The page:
JAKARTA, June 2 (Reuters) - Indonesia will meet with Middle East oil producers on the sidelines of an OPEC meeting in Vienna this week to negotiate possible long-term crude supply agreements for its refineries, a senior government official said.
The Southeast Asian country, which is considering asking to rejoin the Organization of the Petroleum Exporting Countries after leaving in 2008, plans to hold bilateral meetings with Saudi Arabia, Kuwait, Iran, Iraq, Oman and the United Arab Emirates.
“We will discuss purchasing crude from them. We have a plan to build refineries, so we need crude supplies,” Wiratmaja Puja, director general of oil and gas at Indonesia’s Energy Ministry, told Reuters late on Monday.
Indonesia, which is expected to become the world’s largest gasoline importer by 2018, has struggled to attract investment in its refining sector and its newest facility is more than 20 years old.
Government talks with Kuwait Petroleum and Saudi Aramco stalled in 2013 over tax issues, and similar negotiations with Iran and Iraq for crude supplies have also made little headway.
But President Joko Widodo, who came into office in October, has renewed the push to attract investment in the oil sector by cleaning up the graft-ridden industry and offering investors better incentives.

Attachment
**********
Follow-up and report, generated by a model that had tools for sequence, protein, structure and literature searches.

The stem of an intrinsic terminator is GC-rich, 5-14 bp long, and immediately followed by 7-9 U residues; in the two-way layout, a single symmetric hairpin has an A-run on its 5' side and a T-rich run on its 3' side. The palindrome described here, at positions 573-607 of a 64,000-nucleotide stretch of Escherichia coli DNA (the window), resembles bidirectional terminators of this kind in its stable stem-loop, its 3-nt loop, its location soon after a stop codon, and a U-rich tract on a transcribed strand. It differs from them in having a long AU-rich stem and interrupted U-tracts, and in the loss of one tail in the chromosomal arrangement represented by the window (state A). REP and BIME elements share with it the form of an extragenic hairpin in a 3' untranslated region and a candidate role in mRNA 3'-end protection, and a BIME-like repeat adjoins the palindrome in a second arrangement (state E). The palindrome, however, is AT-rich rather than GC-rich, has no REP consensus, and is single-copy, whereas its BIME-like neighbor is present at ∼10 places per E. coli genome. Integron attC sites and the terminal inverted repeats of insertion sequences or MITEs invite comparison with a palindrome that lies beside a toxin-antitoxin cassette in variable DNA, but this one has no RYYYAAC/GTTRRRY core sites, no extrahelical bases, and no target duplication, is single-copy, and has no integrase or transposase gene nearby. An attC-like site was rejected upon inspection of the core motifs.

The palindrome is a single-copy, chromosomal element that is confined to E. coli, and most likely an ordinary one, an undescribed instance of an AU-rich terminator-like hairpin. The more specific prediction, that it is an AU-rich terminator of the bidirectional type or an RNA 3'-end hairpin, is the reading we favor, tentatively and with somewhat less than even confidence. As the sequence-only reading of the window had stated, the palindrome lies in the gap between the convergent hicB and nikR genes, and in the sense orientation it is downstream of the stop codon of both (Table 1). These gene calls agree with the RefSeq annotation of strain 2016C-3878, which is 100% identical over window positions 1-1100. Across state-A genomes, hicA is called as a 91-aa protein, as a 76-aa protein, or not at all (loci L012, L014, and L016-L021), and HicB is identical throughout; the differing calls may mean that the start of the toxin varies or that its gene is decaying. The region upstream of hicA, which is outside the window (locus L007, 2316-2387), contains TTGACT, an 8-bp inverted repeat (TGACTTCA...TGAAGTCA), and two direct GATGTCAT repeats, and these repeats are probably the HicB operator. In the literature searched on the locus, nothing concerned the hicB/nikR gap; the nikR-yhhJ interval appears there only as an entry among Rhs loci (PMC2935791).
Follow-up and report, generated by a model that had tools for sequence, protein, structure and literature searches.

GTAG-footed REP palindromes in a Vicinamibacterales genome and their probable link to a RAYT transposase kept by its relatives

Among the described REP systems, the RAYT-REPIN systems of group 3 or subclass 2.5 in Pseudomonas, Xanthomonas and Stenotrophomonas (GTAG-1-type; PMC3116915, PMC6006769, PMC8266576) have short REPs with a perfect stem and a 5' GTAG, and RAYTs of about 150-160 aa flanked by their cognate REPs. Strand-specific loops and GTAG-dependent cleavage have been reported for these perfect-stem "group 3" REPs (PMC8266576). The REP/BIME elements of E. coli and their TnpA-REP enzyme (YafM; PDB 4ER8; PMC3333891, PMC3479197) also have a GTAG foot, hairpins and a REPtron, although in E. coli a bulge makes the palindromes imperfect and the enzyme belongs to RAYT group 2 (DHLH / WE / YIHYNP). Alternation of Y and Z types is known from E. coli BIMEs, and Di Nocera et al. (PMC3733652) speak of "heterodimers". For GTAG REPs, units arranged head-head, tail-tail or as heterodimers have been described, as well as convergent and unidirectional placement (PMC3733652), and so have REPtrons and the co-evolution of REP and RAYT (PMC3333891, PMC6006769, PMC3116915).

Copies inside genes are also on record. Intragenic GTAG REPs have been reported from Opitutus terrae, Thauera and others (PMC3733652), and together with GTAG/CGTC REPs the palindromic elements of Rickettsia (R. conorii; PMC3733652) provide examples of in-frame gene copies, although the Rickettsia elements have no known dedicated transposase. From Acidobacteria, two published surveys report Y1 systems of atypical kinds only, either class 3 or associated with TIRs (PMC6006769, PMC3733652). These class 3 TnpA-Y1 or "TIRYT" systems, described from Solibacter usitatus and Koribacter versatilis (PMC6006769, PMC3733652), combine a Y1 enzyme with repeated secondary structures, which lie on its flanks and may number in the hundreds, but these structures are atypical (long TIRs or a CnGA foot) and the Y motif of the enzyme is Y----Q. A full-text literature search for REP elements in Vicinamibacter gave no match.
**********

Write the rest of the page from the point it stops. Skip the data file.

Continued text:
“Even though we don’t have a formal commitment with them, they have shown interest to supply crude to us for the long-term, 20-30 years, and they are also ready to have a share in our refinery projects if necessary,” Puja said.
The government wants to build four new refineries and upgrade four existing facilities within 10 years, he said.
Indonesia, which is attending the OPEC meeting on Friday as an observer, will decide after the end of the gathering whether to officially request to rejoin as a member.
Indonesia was the only Asian OPEC member for nearly 50 years before leaving the group in 2008 as oil prices hit a record high, and rising domestic demand and falling production turned it into the net oil importer it remains currently.
Full OPEC members must be net oil exporters, but so-called associate members are admitted under some circumstances.
If it returned, Indonesia would be the fourth-smallest OPEC producer ahead of Libya, Ecuador and Qatar, and bring the number of participants to 13 countries. (Writing by Randy Fabi; Editing by Joseph Radford)